The Braes o' Balquhither

by Robert Tannahill, 1807?

Here is Tannahill's original poem, which he set to the air "The three carles o Buchanan."
The title of his poem, and of some of the variants, is "The Braes o' Balquhither."
It does not have a refrain.

Let us go, lassie, go,
Tae the braes o Balquhither,
Whar the blaeberries grow
Mang the bonnie Hielan Heather;
Whar the deer and the rae,
Lichtly bounding taegither,
Sport the lang simmer day
On the braes o Balquhither.

I will twine thee a bow'r,
By the clear siller fountain,
And I'll cover it o'er
Wi the flowers o the mountain;
I will range thro the wilds,
And the deep glens sae dreary,
An return wi their spoils,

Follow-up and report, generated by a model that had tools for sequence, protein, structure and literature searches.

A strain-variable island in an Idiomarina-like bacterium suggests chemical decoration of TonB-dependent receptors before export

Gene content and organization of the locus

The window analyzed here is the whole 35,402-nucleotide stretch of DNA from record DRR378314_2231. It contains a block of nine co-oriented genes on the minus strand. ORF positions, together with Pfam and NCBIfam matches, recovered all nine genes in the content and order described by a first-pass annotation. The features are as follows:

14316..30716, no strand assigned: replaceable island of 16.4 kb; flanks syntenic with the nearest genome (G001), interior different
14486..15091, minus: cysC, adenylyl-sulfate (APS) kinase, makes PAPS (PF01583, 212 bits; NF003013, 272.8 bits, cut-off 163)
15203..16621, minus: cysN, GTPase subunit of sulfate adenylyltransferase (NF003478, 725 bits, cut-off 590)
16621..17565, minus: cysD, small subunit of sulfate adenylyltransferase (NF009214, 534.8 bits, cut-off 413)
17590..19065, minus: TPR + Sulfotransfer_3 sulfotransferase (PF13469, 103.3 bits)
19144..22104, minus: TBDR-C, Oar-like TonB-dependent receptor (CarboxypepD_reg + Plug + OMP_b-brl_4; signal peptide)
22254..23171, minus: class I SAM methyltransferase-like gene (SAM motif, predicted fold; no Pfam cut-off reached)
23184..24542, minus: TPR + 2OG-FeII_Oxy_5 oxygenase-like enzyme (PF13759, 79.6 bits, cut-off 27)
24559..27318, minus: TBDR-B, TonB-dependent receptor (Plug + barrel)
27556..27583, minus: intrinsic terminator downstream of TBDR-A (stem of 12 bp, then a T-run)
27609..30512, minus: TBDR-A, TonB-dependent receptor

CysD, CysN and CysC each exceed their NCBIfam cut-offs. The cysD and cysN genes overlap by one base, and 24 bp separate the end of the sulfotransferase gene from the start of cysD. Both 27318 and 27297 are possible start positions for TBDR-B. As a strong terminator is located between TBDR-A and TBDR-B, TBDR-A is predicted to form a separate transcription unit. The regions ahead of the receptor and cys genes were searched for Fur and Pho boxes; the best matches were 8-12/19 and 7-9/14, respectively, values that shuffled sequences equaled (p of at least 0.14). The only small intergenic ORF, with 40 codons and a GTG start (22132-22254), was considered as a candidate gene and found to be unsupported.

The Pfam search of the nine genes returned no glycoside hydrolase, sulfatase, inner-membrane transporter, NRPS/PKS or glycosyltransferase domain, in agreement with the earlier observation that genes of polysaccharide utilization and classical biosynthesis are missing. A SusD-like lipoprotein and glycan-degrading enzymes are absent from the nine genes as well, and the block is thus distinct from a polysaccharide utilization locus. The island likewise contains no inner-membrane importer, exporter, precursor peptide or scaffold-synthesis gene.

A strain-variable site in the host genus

Tae the bow'r o my deary.

Whan the rude wintry win
Idly raves roun our dwellin,
And the roar o the linn
On the nicht breeze is swellin'
So merrily we'll sing,
As the storm rattles o'er us,
Till the dear shielin ring
Wi the licht liltin chorus.

Now the simmer is in prime,
Wi the flowers richly bloomin,
Wi the wild mountain thyme
A the moorlan's perfumin;
Tae our dear native scenes
Let us journey taegither,
Whar glad innocence reigns,
Mang the braes o Balquhither.

This is from The Poems and Songs and Correspondence of Robert Tannahill
by David Semple, Paisley: Alex Gardner (publisher), 1876.

For slightly different lyrics see this page.